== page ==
I first saw this idea from this Tweet from Mrs. Dweck. The "blinkie" concept is to use pre-made animations that play from youtube (like this one) underneath drawings to bring them to life. I immediately began to think about making this concept more creation-based for both the physical art and digital animation. I began playing with the DoInk Animation and Drawing App to make simple white animations over a black background customized for the art I wanted to create.
Animated Glow below a physical drawing on paper----Animation drawn in DoInk app
The solution I developed is very simple. I dreamt up an idea that blends a physical drawing with a glowing animation. I thought of things that glow like a lightning bug, sparkler, a phone, buttons on a machine, stars in the sky, etc... Then I drew a picture with a blank area for the glowing thing(s). Afterwards, I took out the iPad and used DoInk Animation app's drawing mode to make a white animation over a black background. To make it move I used the flipbook technique where you draw movement one slide at a time. Then in the composition mode I resized the animation and placed it in the portion of the screen that best corresponded with the physical drawing that will overlay the animation.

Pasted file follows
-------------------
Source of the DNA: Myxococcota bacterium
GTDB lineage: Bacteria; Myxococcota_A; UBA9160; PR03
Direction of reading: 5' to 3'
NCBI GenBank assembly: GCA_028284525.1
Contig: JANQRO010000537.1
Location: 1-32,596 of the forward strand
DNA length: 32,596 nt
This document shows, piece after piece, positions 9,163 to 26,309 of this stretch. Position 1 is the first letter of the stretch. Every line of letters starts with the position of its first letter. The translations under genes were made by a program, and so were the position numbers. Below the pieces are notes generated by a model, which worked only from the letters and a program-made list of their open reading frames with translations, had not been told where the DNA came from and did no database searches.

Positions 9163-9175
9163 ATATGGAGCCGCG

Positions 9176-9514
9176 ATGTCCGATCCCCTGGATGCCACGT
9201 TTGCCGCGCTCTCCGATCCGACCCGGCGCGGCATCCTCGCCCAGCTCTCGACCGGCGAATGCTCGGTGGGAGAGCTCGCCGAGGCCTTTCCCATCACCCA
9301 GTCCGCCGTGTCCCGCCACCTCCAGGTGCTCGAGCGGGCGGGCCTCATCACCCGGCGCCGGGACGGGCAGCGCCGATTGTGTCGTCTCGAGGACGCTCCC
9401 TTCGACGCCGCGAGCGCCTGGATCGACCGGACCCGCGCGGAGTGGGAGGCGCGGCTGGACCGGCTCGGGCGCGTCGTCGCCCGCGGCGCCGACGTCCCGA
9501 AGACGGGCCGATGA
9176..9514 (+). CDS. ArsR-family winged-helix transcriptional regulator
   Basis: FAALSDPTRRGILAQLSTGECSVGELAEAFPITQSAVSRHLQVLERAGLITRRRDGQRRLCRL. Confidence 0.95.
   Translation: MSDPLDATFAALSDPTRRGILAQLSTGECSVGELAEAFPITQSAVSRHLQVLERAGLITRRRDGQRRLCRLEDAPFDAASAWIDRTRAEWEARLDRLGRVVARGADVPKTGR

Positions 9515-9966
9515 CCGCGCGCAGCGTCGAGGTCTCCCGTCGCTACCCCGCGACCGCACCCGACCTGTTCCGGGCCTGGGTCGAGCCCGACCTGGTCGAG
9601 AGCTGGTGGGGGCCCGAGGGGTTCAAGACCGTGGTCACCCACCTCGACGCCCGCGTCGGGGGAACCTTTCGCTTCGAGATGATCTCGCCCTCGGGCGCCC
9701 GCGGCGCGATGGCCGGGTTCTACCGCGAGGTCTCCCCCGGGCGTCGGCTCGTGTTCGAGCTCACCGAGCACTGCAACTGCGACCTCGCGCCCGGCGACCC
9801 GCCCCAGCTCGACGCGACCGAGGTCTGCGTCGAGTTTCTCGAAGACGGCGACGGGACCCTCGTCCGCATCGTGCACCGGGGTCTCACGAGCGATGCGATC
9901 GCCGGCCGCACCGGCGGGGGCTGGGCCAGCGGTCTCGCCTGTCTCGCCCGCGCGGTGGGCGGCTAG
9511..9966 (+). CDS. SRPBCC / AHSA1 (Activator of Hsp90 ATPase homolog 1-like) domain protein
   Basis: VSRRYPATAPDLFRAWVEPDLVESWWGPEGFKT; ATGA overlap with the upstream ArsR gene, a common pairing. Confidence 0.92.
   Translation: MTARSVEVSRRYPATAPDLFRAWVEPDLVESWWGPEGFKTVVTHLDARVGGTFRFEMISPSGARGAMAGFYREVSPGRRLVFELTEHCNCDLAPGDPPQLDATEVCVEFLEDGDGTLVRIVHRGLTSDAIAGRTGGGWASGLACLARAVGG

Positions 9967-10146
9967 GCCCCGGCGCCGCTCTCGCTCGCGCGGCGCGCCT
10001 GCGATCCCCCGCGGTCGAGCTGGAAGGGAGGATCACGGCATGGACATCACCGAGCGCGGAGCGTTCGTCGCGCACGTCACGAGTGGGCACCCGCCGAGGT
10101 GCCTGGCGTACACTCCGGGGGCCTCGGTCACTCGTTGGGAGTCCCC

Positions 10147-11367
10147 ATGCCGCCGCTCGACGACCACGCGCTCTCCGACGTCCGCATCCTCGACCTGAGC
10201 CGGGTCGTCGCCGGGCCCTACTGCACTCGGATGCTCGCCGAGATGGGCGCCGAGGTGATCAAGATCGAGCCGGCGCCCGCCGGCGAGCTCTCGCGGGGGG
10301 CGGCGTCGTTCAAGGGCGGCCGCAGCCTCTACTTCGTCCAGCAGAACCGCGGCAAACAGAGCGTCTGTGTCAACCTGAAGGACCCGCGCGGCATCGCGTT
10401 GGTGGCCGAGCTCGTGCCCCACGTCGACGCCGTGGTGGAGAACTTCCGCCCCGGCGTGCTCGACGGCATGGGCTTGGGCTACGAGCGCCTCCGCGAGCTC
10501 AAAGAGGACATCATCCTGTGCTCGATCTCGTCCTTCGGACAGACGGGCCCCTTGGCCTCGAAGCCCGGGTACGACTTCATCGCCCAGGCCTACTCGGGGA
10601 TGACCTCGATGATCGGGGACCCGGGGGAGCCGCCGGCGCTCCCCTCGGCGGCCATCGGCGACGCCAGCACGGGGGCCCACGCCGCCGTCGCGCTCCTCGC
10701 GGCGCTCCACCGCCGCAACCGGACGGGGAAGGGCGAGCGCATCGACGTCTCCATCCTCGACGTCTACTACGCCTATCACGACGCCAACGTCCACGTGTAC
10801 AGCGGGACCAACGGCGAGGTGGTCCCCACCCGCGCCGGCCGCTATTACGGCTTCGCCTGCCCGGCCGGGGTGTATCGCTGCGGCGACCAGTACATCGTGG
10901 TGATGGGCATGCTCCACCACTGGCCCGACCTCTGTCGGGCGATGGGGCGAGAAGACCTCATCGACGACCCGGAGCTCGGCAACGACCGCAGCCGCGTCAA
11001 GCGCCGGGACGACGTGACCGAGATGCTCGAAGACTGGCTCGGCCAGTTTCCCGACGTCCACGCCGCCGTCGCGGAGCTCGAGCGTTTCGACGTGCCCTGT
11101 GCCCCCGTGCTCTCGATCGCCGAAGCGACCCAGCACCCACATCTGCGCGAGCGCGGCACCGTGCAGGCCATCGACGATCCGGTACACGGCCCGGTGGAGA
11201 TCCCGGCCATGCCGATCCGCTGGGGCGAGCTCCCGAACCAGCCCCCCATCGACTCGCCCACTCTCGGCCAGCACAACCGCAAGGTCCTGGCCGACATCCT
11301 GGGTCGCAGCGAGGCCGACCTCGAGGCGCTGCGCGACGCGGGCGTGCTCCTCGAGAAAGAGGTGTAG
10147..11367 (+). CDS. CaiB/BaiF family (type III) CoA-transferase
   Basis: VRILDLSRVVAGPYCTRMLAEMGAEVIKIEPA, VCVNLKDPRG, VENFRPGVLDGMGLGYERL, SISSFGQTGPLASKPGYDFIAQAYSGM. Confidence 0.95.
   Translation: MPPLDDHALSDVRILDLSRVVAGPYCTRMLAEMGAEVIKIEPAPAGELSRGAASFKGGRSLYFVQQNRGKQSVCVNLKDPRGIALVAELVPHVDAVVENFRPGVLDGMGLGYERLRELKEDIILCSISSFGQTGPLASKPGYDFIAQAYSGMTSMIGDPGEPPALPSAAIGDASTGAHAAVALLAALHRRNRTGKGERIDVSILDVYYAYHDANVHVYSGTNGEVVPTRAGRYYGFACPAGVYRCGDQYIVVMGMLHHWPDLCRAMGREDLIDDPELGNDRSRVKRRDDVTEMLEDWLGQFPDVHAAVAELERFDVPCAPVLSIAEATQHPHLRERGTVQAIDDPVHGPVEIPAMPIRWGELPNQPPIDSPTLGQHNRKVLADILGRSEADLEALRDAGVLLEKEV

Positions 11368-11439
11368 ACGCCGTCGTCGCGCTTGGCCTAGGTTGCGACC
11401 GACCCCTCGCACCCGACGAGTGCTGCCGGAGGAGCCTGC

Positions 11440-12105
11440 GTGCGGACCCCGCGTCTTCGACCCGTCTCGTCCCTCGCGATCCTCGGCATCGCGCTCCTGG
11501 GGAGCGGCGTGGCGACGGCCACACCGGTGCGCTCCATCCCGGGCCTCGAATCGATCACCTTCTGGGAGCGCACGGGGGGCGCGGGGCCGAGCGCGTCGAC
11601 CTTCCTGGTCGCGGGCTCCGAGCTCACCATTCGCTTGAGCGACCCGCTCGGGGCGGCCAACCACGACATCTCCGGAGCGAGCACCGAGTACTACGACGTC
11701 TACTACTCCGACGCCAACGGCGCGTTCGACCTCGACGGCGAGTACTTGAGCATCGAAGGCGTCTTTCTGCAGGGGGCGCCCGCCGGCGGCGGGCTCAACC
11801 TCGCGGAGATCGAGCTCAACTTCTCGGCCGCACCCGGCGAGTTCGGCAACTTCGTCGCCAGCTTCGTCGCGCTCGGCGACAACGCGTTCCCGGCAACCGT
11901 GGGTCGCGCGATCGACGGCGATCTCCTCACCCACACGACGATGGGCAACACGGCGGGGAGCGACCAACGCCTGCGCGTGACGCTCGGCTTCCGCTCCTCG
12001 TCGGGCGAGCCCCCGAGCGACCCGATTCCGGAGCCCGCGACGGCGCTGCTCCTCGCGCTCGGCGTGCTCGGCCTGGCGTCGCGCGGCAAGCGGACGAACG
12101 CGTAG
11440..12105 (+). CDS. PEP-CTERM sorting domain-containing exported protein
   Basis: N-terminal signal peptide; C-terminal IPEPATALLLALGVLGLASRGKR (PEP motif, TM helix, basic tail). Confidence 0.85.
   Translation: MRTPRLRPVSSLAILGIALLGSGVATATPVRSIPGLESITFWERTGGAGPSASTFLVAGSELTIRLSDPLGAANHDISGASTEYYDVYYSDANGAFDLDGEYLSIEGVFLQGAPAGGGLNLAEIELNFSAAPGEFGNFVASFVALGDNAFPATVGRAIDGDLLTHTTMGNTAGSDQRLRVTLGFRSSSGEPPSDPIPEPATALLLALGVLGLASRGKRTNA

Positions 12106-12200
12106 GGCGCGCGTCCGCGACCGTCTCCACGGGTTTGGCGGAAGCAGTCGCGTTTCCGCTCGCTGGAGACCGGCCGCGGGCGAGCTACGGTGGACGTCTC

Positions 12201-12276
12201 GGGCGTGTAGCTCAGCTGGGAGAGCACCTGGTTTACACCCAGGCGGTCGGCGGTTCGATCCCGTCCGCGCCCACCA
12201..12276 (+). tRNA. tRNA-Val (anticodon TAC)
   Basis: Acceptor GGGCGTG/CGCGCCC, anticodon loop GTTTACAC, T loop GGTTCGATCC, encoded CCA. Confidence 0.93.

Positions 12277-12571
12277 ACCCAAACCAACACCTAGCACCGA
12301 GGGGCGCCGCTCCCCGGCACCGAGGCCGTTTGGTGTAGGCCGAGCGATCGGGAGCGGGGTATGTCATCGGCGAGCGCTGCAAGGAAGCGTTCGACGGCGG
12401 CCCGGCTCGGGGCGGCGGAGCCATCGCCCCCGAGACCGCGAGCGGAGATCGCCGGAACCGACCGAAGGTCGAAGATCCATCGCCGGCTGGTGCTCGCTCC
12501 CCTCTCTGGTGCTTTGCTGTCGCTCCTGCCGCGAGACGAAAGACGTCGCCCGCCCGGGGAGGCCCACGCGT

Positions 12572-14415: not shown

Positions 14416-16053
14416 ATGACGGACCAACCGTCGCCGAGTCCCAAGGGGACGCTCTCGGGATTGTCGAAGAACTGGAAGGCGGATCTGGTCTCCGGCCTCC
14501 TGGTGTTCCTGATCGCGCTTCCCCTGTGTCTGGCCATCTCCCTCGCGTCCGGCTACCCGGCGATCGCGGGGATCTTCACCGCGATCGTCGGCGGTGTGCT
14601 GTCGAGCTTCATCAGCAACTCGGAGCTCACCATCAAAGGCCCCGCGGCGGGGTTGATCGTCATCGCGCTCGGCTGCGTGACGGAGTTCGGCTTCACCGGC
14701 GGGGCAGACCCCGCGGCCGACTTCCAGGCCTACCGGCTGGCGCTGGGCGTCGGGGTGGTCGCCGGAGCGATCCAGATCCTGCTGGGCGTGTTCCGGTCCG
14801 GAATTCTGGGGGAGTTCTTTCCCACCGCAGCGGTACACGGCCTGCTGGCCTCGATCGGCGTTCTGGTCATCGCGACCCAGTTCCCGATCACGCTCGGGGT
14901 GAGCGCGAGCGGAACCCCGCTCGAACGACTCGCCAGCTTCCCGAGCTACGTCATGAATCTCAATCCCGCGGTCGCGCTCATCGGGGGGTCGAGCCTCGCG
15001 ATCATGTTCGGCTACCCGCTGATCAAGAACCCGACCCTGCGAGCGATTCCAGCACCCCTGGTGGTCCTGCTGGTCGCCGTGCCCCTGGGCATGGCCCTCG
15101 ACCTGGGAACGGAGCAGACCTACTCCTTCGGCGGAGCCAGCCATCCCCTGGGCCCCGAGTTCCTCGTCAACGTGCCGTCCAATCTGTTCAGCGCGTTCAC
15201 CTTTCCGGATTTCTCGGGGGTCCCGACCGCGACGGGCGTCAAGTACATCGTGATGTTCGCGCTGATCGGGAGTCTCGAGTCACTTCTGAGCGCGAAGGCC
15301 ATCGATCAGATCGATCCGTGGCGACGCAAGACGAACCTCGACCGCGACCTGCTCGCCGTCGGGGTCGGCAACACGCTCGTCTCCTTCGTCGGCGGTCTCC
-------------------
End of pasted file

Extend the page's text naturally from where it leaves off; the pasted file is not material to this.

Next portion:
What is really interesting about this animated glow idea is that it not only combines physical and digital art, it requires an interaction of the two to enjoy it or a documentation of that interaction via video or gif.
Animated Glow set to music
I put the video clips into iMovie, used the white balance filter to remove the yellow tint, and set the small video to a piece of royalty free music from incompetech to tell a story.
The following ideas are so image specific that I photographed the drawing, added it to a bottom layer in DoInk drawing app, and drew over it to make the animation. The photo doesn't export with the animation, so this technique is a easy way to place the glowing animation in the correct locations.
Students will learn to draw their profile and out stretched hand (physically) and make a flipbook style animation of a glowing alien (digitally). Then then will create a video of the alien glowing from the iPad as if it is standing on the person's hand in the drawing.
Drawing the Profile and Hand: